Here’s some great tips on how to clean and care for a custom wig!
Although we use a custom Santa wig to demonstrate, the tips and techniques are the same for nearly any custom wig or facial hair we create.
Cleaning Adhesive Off Wig Lace
The lace front edge of your custom wig or beard of the can get pretty dirty after wearing. Liquid adhesive can build up an unsightly and damaging residue if not cleaned often. This step should be performed as regular maintenance, after each wearing.
Not maintaining a custom wig or facial properly can damage it, and damage is difficult – and expensive – to repair.
The lace edge is the most fragile areas of the wig or facial hair – not to mention the most visible. Even a small amount of leftover glue or makeup can be very visible.
- 90% Isopropyl Alcohol
- Washcloth, a very soft-bristled toothbrush or a felt shoe-polish dauber
- Shallow dish or tray
Soak the washcloth in alcohol or dip the toothbrush into it until soaked OR fill the shallow dish with a little alcohol
Hold the washcloth or dauber on the inside of the lace wherever residue from glue and makeup has built up. Keep it pressed there for a few seconds
With your cloth (or the toothbrush) gently wipe off the glue, using care not to abrade the lace. You want to just barely loosen the glue, not scrub it off.
- You can also gently dip the edge of the lace into the shallow dish of alcohol, letting it sit for a moment. Then use the soft cloth, dauber or toothbrush to gently displace the glue.
Please note that it is always a good idea to check with the manufacturer’s instructions for the adhesive you are using – they will provide more specific information on using and removing their product from both skin and lace.
Here’s a video on removing adhesives from wig lace
- Use anything besides alcohol! Acetone and other strong cleaners can ruin the lace and hair
- Let the wig sit in the alcohol for more than a few seconds at a time. Several brief dips are better than a longer soak
- Use any oil-based products to clean the wig
- Soak the entire piece
We’re proud to offer professional wig and beard styling tools, care and maintenance supplies and a selection of wig and beard tapes.
These products are also available for purchase at any time in our store – click the buttons below to learn more about the items or order.
Your Santa order form includes the option to add these tools and supplies to your order at a discount.
How to wash a custom wig or facial hair
- A canvas head form of the correct size
- A wide-toothed comb
- Twill tape or similar
- Shampoo and conditioner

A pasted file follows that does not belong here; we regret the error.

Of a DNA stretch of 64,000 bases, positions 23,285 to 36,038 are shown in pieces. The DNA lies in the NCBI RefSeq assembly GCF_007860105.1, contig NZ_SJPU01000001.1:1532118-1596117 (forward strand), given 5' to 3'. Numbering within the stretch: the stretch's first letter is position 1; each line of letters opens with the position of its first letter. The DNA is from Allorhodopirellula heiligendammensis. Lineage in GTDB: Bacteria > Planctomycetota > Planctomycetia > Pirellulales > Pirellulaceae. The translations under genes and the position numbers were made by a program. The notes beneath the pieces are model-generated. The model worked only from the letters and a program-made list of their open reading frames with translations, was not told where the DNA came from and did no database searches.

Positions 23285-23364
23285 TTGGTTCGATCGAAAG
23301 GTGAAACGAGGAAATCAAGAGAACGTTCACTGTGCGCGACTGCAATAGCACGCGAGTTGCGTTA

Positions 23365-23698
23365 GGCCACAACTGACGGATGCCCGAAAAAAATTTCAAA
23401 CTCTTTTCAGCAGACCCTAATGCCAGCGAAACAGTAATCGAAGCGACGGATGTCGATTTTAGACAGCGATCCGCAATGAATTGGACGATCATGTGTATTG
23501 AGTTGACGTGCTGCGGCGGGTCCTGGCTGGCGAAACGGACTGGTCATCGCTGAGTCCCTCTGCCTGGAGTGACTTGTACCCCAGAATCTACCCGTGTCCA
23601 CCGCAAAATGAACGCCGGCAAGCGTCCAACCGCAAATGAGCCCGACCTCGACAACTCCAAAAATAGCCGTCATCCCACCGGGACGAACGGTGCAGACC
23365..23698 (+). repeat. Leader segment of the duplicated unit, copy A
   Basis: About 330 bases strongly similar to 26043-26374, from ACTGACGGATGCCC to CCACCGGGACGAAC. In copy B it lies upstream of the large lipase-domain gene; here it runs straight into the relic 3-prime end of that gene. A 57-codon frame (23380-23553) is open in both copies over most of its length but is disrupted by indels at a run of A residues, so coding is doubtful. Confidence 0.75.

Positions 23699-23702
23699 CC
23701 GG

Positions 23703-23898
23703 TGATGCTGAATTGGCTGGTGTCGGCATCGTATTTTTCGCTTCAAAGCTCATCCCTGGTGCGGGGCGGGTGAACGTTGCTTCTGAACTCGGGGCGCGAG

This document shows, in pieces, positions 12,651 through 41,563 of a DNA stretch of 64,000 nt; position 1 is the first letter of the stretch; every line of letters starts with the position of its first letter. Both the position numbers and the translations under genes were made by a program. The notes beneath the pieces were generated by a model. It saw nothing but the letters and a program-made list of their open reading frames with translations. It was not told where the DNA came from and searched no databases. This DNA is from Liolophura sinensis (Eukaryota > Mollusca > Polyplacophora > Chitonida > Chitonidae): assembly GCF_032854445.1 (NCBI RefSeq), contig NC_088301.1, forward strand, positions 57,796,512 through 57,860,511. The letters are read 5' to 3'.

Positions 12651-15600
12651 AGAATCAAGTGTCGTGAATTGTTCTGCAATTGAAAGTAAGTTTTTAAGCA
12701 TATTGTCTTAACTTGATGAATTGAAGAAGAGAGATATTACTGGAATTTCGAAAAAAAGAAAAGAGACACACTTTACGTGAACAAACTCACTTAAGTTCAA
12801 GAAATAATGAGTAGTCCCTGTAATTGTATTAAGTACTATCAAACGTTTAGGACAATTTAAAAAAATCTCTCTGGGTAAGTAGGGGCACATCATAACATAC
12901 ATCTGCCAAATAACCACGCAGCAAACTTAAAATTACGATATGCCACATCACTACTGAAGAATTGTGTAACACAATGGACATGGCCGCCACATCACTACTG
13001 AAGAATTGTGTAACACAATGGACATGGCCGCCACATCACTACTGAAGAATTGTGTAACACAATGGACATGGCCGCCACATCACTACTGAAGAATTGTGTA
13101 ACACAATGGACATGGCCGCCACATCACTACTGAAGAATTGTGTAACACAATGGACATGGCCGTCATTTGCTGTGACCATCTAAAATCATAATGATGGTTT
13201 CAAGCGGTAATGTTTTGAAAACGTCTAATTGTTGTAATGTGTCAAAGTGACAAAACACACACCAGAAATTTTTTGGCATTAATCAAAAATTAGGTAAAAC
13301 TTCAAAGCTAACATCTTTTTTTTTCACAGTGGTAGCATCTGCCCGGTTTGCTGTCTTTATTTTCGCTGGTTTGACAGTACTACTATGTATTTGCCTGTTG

- A sink and warm water
First off, remove any hairpins, bobby pins or other items. The wig or beard should be completely loose when you’re done.
Block the wig onto a head form.
If you’re not familiar with this process, it’s when you use a bit of twill tape or similar tightly-woven ribbon to pin down the front of the lace to the head form. This helps take the pressure off the lace (it needs to be perfect to disappear into your skin correctly!)
See the video below for a demonstration of lace front blocking.
1.Using a wide-toothed comb, comb the wig to remove knots and matting.
2.Remove the wig from the head form (put the twill tape and pins aside – you’ll need them later)
3. In the sink, hold the wig under the water until it is wet but not soaked. Take care not to plop it in the sink or soak it, as human hair wigs don’t take well to that.
4. With the wig in one hand, put a dollop of shampoo in your other – you just need a dime-sized blop. You can use any shampoo that’s suitable for human hair on your wig or beard.
5. Still holding the wig, use your other hand to stroke the shampoo through. Don’t ruffle, scrub or go against the grain of the hair!
6. Once you’ve worked the shampoo through, let it sit for just a moment, then rinse the wig. (As a rule of thumb, if you think it’s rinsed out, rinse it again for good measure).
You can repeat step six with conditioner, especially if you’re about to put the wig away for a long stretch
Blot the wig with a towel – you can fold it over inside and sandwich it lightly between your hands to get water out, but never press too hard! Don’t ring or squeeze it either – you’ll risk damaging the wig! The towel should absorb most of the water from the wig hair.